Alekos Fassianos’ Hellenic Designs Offer a Fanciful Take on Ancient Greece 

The simplicity of Greek classical and folk art was an eternal muse for the late artist Alekos Fassianos. Best known for his paintings, which blend ancient iconography and contemporary scenes in vibrant swashes of blue, red, and gold, his overtly Hellenic influences and signature palette also gave birth to a wide range of furniture designs. Carwan Gallery in Athens recently presented the first retrospective of these pieces, following the artist’s death last year, and they’re just as transportive and delightful as his 2D works.

Fassianos’ philosophy was that we should “never rest on our laurels, and always seize the day to make the most of the life ahead of us,” and therefore designed pieces for his family with practicality rather than comfort in mind. Hard, durable, utilitarian materials like wood, leather, and metals dominate his collection of seating, tables, lighting, painted ceramics, and other functional objects, yet all feel light and fanciful in appearance. Fassianos hated mass production, so each was hand-crafted by the artist with the help of master artisans. Carwan exhibited them as museum artifacts, and entered into a collaboration with Fassianos’s estate to reproduce limited editions for the first time.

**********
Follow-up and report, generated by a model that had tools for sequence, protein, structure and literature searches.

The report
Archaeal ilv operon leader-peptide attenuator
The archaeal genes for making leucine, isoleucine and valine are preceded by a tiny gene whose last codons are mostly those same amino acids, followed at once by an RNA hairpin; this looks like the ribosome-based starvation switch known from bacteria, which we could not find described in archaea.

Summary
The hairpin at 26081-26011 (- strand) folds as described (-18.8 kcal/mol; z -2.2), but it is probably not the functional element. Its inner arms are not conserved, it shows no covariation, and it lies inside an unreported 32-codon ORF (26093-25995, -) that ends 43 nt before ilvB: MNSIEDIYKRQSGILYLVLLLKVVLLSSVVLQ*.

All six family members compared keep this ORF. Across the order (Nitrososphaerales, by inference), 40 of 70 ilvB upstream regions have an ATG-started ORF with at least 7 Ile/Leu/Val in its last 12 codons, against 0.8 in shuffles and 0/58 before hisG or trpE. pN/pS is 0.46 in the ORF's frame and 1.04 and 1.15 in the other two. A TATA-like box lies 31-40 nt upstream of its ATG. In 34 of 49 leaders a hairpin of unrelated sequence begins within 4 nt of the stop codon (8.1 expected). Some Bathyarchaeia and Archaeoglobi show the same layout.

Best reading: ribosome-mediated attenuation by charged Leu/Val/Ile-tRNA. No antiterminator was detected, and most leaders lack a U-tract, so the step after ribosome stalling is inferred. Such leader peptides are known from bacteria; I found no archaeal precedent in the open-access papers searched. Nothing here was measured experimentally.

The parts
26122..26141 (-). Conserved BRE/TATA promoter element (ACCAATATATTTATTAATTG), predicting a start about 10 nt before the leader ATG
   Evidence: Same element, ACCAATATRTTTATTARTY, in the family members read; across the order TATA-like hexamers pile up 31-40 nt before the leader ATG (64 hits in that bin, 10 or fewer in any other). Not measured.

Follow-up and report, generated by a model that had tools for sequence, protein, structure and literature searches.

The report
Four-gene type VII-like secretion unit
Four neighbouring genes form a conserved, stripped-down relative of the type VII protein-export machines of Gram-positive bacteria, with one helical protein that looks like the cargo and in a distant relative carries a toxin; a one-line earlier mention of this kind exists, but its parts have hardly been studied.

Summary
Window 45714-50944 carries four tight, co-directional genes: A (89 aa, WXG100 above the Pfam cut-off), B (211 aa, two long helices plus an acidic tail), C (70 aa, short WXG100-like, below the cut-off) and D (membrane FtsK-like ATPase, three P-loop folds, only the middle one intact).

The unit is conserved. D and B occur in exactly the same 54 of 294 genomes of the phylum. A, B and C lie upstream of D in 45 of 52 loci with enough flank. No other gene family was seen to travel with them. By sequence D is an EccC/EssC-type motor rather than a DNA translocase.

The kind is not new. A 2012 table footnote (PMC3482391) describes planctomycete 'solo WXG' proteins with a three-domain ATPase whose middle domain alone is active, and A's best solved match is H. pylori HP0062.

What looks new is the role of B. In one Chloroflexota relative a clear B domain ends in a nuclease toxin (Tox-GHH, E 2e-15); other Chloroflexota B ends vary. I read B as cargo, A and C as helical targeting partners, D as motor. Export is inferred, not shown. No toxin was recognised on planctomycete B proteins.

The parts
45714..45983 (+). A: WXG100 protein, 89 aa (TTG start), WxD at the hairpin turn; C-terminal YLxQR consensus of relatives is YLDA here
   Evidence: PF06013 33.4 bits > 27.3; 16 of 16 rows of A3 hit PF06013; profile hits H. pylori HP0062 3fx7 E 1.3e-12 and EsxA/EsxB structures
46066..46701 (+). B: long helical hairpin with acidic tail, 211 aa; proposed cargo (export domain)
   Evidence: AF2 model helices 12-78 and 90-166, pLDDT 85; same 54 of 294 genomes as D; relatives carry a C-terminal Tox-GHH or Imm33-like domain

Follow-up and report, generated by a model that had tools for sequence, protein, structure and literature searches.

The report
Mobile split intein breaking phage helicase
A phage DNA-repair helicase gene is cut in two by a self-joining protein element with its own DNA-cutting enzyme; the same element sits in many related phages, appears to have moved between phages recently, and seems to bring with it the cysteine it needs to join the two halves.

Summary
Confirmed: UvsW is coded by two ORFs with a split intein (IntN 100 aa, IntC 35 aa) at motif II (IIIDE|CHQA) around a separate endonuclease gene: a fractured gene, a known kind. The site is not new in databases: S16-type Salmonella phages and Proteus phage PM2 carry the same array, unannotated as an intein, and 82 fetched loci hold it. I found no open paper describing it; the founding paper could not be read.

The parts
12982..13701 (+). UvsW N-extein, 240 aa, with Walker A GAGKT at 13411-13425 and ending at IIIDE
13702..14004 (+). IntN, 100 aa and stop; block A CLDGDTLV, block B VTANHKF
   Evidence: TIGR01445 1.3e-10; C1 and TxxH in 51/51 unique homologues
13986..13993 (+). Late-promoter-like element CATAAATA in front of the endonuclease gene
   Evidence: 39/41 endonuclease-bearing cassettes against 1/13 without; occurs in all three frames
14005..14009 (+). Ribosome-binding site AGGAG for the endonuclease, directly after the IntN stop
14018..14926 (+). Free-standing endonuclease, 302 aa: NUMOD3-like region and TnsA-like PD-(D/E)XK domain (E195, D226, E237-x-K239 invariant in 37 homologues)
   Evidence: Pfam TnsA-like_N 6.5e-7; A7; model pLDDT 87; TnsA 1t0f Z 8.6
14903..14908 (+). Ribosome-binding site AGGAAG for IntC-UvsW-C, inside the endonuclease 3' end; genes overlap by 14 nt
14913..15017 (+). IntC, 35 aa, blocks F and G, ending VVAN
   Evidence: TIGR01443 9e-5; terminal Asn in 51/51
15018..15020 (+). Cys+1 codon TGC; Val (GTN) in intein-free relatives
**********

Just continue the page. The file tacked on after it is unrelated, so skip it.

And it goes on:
The selection of originals — which are not for sale — includes acrylic-topped coffee tables supported by pillars formed from the extruded silhouettes of cartoon-like birds. These “legs” come in optimistic colors like bright red, and a light blue that isn’t too far off the Twitter logo. Avian motifs also appear in aluminum and bronze as shades for sconces, table, floor and pendant lights. Stylized faces shown in profile are incorporated into ceramic vases, which could be the heads of heroes from The Odyssey, and less obviously along the tops of chair backs. Meanwhile, ridges carved into the ends of armchair and sofa legs make them look a little like animal paws — little touches that bring character to each piece.